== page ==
viernes, 18 de enero de 2013

Seven Rules for a Princess

"1. Never announce to anyone that you are a princess. You know it and, if you behave as one, in time they will know it.
2. Never pretend you are not a princess in an attempt to lessen yourself because you deem it will make others more comfortable. You show others the most respect by offering the best of you.
3. A princess knows that success is most easily measured by how handles disappointments.
4. A princess is never so arrogant as to think she has nothing left to learn. As much as you like to be heard and understood, so does everyone else. The more you learn, the more intelligent you are. It's that simple.
5. There no such thing as a once-in-a-lifetime opportunity in regard to anything significant. Make time your ally. A princess understands the value of patience.
6. A princess is not frivolous. She seeks the just, the compassionate, and the wise. When she finds it she protects it. It is never a bad idea to be your own hero.
7. Above all a princess cherishes honesty. Hiding, shading, manipulating, or controlling the truth is a waste of everyone's time. The truth exists with or without our acknowledgement. If the truth is unclear, silence is often a useful tool."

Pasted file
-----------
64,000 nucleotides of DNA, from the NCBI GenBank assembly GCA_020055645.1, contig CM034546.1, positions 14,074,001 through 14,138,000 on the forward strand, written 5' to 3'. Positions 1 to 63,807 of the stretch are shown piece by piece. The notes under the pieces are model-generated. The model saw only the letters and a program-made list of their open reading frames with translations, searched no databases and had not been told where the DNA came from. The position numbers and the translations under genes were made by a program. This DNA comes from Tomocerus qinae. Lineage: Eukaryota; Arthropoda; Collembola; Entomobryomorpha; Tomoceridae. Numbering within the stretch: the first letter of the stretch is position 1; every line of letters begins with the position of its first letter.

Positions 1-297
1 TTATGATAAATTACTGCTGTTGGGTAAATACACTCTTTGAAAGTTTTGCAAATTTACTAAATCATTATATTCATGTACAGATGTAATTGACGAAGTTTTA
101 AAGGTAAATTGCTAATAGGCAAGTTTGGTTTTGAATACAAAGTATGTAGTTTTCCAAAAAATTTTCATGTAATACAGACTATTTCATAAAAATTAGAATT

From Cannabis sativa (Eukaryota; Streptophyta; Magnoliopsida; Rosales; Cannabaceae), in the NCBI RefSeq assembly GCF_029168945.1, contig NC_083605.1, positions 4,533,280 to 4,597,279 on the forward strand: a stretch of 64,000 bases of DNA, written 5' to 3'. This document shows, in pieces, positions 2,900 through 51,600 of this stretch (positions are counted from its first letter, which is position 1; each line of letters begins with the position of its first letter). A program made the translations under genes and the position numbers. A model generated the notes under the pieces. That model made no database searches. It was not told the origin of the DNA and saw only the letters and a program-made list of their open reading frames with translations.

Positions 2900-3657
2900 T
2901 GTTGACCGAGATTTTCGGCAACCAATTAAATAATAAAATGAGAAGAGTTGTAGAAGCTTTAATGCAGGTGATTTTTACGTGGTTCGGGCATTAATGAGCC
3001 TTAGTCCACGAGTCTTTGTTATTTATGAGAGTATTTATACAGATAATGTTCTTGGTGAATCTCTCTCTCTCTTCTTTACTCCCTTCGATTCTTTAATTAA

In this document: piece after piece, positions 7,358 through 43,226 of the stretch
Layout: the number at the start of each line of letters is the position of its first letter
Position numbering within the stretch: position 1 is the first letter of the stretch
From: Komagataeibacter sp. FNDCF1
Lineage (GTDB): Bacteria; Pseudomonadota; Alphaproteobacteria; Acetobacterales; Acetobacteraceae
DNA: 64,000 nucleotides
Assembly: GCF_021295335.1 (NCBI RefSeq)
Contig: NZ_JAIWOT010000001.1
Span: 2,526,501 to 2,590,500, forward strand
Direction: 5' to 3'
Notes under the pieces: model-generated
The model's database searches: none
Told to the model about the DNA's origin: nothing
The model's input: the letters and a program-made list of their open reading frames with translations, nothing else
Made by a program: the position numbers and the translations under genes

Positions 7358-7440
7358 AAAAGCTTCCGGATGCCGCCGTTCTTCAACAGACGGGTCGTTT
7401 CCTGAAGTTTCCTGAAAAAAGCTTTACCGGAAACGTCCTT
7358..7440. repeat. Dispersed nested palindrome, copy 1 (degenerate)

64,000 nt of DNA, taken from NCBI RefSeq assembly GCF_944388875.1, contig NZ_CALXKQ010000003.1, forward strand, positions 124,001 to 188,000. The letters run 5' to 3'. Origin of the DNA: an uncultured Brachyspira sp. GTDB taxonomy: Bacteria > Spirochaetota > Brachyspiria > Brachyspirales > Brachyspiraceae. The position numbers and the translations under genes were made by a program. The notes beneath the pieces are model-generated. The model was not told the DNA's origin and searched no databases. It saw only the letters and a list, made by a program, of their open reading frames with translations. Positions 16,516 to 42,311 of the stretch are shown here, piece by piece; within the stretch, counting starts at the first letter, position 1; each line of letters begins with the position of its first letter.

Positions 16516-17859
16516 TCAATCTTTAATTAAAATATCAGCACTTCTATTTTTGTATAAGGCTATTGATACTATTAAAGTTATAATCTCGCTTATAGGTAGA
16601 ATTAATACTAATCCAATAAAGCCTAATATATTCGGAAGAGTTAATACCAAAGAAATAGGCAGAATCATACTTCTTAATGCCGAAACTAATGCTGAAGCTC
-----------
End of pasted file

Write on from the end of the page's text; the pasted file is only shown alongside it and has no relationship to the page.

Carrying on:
Ethan Hawke. Ash Wednesday

“The fragility of crystal is not a weakness but a fineness"

Jon Krakauer, Into the wild

jueves, 11 de octubre de 2012


" As a girl I never felt outright anger, toward him or anyone. Mostly if things became uncomfortable I just wanted to be alone. Even when I left Texas, I didn't leave feeling mad, I left feeling elated that there was finally some quiet around me. From the time I was seven I hated Texas and most of the people I met there. I would go to sleep early so I could dream more. My father would drive us along those interstates, and it seemed to me that all there was in Houston were highways and car dealerships.

I wanted to run away, from the first time I heard of the concept, not because anything so dreadful was happening but because I craved solitude. My childhood was spent looking and waiting for a proper reason to run away [...].

Almost all my true enjoyment of people could take place from a distance. Appreciating people was easy as long as the weren't close: my father, specially. [...] Being alone was the only time my breathing would come easy. In some ways I'd felt allergic to my own life. With people talking to me, my head would swell and my skin would break out.[...] All my favorites memories didn't seem to involve anybody else. Reading, walking down the street, taking the bus, washing my clothes - inside that kind of quiet peace I could feel and enjoy my life. After Jimmy and I broke up, it was almost a relief. This way I would be able to love him forever; it would be easier. The habits I'd learned about how to survive all seemed to involve moving and solitude".

                                               Ethan Hawke, Ash wednesday